Jump to ContentJump to Main Navigation
Divas and ScholarsPerforming Italian Opera$
Users without a subscription are not able to see the full content.

Philip Gossett

Print publication date: 2006

Print ISBN-13: 9780226304823

Published to Chicago Scholarship Online: March 2013

DOI: 10.7208/chicago/9780226304885.001.0001

Show Summary Details
Page of

PRINTED FROM CHICAGO SCHOLARSHIP ONLINE (www.chicago.universitypressscholarship.com). (c) Copyright University of Chicago Press, 2020. All Rights Reserved. An individual user may print out a PDF of a single chapter of a monograph in CHSO for personal use.date: 07 April 2020

Words and Music: Texts and Translations

Words and Music: Texts and Translations

(p.364) 11 Words and Music: Texts and Translations
Divas and Scholars
University of Chicago Press

This chapter discusses the matter of texts, translations, and adaptations of particular importance for operas written in French by Italian composers, which often continue to be performed in Italian translation. One significant problem in the performance today of operas by Italian composers, active during the first six decades of the nineteenth century, is the survival (and in some case the dominance) of the French operas by Italian composers in the modern performing tradition of nineteenth-century translations into Italian. Translation, and the process of adaptation that often accompanied it, also helped the works conceived in other traditions to be absorbed into a national sphere and, ultimately, integrated into national traditions. The effect of Rossini's style on French opera of the early nineteenth century was furthered by the performance of his operas in French adaptations.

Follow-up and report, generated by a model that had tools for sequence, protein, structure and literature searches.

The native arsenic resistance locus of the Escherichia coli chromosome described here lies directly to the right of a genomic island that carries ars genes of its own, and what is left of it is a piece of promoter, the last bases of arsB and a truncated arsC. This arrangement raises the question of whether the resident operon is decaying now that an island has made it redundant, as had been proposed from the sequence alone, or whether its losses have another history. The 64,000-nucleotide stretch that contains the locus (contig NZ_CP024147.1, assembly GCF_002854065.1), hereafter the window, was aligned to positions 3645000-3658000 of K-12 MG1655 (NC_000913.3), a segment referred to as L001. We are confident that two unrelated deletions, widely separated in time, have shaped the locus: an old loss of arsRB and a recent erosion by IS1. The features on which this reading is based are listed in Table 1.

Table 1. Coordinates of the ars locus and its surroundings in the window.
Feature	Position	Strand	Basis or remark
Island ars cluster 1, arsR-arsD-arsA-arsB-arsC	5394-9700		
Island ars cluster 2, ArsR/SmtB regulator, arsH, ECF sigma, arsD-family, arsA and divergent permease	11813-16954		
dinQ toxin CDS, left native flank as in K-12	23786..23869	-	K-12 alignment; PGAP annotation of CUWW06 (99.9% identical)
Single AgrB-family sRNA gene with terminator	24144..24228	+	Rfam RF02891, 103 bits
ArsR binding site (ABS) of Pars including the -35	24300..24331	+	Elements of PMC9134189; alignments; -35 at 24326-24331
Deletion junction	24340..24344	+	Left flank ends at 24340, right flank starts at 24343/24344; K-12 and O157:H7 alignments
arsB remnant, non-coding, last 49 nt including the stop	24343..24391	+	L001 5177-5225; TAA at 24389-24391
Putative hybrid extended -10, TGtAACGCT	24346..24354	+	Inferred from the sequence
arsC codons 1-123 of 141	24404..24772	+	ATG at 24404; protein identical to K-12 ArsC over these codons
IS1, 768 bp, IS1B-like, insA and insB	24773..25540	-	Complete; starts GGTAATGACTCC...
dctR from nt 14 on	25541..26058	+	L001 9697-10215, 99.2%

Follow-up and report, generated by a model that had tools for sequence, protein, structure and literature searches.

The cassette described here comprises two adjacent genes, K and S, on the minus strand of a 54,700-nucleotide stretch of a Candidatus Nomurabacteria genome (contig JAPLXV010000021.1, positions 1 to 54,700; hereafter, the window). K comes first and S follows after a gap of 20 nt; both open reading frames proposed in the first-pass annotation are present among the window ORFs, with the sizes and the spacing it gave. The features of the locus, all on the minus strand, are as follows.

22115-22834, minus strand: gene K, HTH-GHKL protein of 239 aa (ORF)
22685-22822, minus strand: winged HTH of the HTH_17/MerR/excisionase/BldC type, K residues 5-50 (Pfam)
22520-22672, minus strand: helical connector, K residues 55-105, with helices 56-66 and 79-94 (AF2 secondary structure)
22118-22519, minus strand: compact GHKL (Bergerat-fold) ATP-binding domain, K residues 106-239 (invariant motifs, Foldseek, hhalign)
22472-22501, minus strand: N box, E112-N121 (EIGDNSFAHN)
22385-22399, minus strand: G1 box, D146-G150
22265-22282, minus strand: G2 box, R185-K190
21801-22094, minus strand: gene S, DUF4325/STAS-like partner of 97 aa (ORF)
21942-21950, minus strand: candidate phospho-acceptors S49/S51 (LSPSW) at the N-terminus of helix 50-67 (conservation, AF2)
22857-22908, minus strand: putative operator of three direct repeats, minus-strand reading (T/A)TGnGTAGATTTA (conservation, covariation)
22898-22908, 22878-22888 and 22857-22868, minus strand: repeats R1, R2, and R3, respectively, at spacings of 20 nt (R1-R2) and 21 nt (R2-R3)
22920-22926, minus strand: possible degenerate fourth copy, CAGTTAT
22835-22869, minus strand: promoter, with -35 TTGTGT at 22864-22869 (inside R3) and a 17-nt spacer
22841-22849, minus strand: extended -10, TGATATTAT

Keywords:   opera, texts, Italian translation, French adaptations, Italian composers, national tradition

Chicago Scholarship Online requires a subscription or purchase to access the full text of books within the service. Public users can however freely search the site and view the abstracts and keywords for each book and chapter.

Please, subscribe or login to access full text content.

If you think you should have access to this title, please contact your librarian.

To troubleshoot, please check our FAQs, and if you can't find the answer there, please contact us.